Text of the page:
struggling readers from their media saturated world to
the simple, written word.
There isn't too much text on a comic book page
normally so the prospect of finishing a whole comic
book or graphic novel isn't daunting and leads to early
feelings of success. Comics are excellent at
encouraging feelings of success. Comics are
excellent at comprehension as the reader has to
create connections between the dialogue bubbles
The Letter G
and the images being portrayed to get a full sense of the
story. . Ten years ago I wouldn't have recommended
comics as a literacy tool for a broad audience because
there was very little diversity in the content and appeal of
the comics in general. Thankfully comics, now referred to
as 'Graphic Novels,' have grown-up and represent a very
broad selection of genres and difficulty. They are also
becoming much more readily available in both books
stores and public libraries.
Bone by Jeff Smith
www.boneville.com is available for
loan from the Youth Literacy Council.
Comics, once considered the scourge
of educators, have grown up to
become respected as graphic novels.
Also of interest: The Ten-Cent Plague
by David Hajdu. As a creative learning
experience, tutors Susan Lindsay and
Nathan Carey have each encouraged
their young learners to create their
own comics.
Cecelia Brown, has succeeded in assisting her young learner to
significantly raise his reading level and his self esteem! She
recommends the book Why Johnny Can’t Read by Rudolf
This is an excellent book, written for parents whose
children are not learning to read well at school. Flesch
says, “Teach the children the 44 sounds of English and
how they are spelled. Then they can sound out each
word from left to right and read.” It seems so obvious. For
example: If a child knows the sounds of the consonants,
and then learns that ‘ai’ sounds like a long ‘A’, he can
automatically read 50 more words!
So, Flesch says, teach the sounds of the letters, and the
letter combinations first. There are, he says, almost 200
patterns to learn and in the last section of the book he
gives teaching lists for each pattern. Learning 200
patterns is much more efficient than memorizing
20,000 words!
I differ with Mr. Flesch on two points, however. First of all,
it is not as simple as it sounds. I do believe that he did
teach his six year old grandson to read in six weeks, but I
am not so sure that most children would be able to
memorize 200 spelling patterns in such a short period of
time. However, this is just a minor point. We are not
primarily interested in teaching quickly.
The second observation is more critical. He seems to
imply that knowing how to read a word results in knowing
how to spell it. I beg to differ in that knowing
how to read English and knowing how to spell it are
SGB Youth Literacy Council, 467 10th St, Suite 303 Hanover, ON N4N 1R3
two different skills. In other languages where each letter has one
sound, and each sound has one letter, spelling and reading are
synonymous. English is not like that. It is probably safe to say that
everyone (not only children!) has a list of pesky words that they can
not confidently spell correctly. Every pattern has its exceptions.
Why are bees, sneeze, and tease spelled differently? Why are reed
and read spelled differently? How about wood and would? Learn,
fern, burn? Where and wear? Write and right? The list of examples
seems endless. How many words have silent letters? Why does
lamb have a ‘B’ but ham doesn’t? Is train spelled trane or train?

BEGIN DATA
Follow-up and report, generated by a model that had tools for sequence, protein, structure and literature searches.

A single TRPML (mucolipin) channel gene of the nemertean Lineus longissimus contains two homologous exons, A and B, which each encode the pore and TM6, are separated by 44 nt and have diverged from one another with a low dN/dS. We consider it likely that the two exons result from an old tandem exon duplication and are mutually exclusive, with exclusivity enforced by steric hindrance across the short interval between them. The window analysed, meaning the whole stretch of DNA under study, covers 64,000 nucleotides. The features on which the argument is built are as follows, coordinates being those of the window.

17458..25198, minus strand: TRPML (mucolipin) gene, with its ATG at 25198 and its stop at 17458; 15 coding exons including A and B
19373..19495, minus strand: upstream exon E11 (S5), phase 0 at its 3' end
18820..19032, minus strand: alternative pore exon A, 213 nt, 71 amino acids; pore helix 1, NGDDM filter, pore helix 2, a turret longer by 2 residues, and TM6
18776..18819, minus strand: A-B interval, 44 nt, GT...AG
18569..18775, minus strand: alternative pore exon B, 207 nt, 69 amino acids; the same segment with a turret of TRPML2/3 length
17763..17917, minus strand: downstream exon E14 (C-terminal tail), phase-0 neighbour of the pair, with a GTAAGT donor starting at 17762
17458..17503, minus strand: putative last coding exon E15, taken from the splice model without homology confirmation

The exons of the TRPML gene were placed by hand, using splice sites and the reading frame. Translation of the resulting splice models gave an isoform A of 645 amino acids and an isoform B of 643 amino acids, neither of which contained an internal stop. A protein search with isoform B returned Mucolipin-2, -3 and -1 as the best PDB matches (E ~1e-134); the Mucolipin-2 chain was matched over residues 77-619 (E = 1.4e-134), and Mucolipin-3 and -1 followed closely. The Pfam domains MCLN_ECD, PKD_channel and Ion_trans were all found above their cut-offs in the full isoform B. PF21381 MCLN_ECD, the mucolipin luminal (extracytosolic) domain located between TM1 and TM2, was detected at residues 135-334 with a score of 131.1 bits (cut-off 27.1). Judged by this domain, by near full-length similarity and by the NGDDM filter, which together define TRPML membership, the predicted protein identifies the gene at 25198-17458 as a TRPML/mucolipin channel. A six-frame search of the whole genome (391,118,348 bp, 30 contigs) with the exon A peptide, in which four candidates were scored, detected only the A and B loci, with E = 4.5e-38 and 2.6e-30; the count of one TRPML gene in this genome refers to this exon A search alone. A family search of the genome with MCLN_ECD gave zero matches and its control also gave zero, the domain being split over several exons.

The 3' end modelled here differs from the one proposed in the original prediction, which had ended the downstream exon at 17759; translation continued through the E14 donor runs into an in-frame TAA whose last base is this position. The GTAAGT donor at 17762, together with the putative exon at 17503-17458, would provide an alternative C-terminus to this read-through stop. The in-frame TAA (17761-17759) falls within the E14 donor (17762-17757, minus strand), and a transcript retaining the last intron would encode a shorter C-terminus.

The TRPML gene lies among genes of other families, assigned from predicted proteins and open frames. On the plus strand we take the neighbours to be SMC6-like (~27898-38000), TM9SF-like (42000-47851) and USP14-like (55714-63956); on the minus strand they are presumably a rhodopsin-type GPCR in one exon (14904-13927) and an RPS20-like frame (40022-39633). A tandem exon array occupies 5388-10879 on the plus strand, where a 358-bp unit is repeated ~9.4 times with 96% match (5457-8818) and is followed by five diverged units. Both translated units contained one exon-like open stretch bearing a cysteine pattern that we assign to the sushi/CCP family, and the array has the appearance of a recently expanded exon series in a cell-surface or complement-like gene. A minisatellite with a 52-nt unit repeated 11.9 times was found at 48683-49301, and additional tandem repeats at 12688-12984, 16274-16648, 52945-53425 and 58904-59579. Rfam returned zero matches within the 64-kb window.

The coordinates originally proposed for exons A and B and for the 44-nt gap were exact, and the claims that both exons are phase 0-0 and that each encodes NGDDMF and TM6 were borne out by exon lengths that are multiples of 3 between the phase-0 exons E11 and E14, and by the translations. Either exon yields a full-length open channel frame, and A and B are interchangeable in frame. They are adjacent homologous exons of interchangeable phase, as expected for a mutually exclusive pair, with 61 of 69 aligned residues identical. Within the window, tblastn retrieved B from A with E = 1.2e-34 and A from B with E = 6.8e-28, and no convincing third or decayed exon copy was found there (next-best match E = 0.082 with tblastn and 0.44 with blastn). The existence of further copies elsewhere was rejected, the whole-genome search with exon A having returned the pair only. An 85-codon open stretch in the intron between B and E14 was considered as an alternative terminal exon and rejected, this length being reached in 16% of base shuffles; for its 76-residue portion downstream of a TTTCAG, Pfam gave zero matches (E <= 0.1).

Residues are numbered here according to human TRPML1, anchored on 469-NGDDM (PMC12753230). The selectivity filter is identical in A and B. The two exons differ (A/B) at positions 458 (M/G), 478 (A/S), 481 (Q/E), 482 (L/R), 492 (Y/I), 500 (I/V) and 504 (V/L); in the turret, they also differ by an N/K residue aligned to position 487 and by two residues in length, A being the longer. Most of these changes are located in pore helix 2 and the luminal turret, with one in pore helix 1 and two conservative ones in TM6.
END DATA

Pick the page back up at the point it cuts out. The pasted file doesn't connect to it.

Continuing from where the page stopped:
Why isn’t they spelled with ‘-ay’? It can be impossibly confusing for
some children.
Flesch acknowledges that 13% of English words have irregular
spelling. Many of them are very common words. How is a child
supposed to remember which words are spelled according to a
pattern and which are not? This is where exposure and repetition is
essential and explains why the look/say method seems to have an
But teaching phonics-first provides a superior solution to this
dilemma. When a child has learned to read in a relatively short
period of time, and reading is associated with fun, learning, and
reality, the child is more likely to read for pleasure. The more he
reads the more exposure he has to written words and he becomes
familiar with how the words are spelled.
Understanding this principle of teaching reading to a child who is
experiencing difficulty, is nothing short of inspirational.
Your child can learn how to read!
Our tutors actively share good suggestions for new additions to our
Learning Resources. Joe Macartney recommends The History of
Reading by Alberto Manguel, now in our collection, which links nicely to
the recent TVO broadcast, The Empire of the Word, available to view free
Students Help The Youth Literacy Council is an excellent learning
situation for volunteers and we thrive on their wonderful energy. Our
current JDSS co-op student, Samantha Becker, is actively assisting
with tutoring, our Learning Resources and the smooth running of our
Family Literacy Day January 27
The South Grey Bruce Youth Literacy Council is keeping Family
Literacy on the map! The Municipal Councils of Brockton and
Hanover each issued official proclamations to regard January 27 as
Family Literacy Day. Our high school co-op student, Kayti Jeffery,
created a Family Literacy display at the Hanover Library where we
distributed free children’s books donated by Frontier College. This
gesture was given additional spotlight by The Post, Walkerton
Herald-Times and Hanover Honda.
Millennia Books in Hanover welcomes patrons to redirect their book
purchase points to the Youth Literacy Council, enabling our organization
to utilize these purchase points to buy new books for our Learning
The Letter G
Friends of Youth Literacy
Contributors in Kind
Doug Abell
Kristan Anderson
Back Eddies Café
Bluewater Radio
Samantha Becker
Holly Bowen
Brick Books
Bruce Telecom
Maryanne Buehlow
Chesley Public Library
Chicory Common
Colour Jar
Paul Coyne
Christine Forand
Craig, McDonald, Reddon
Durham Art Gallery
Jennifer Dimeck
Freddie’s Antiques
Theresa Filsinger
Garafraxa St Bookstore
Hanover Friends of Library
Hanover Public Library
Elizabeth Hahn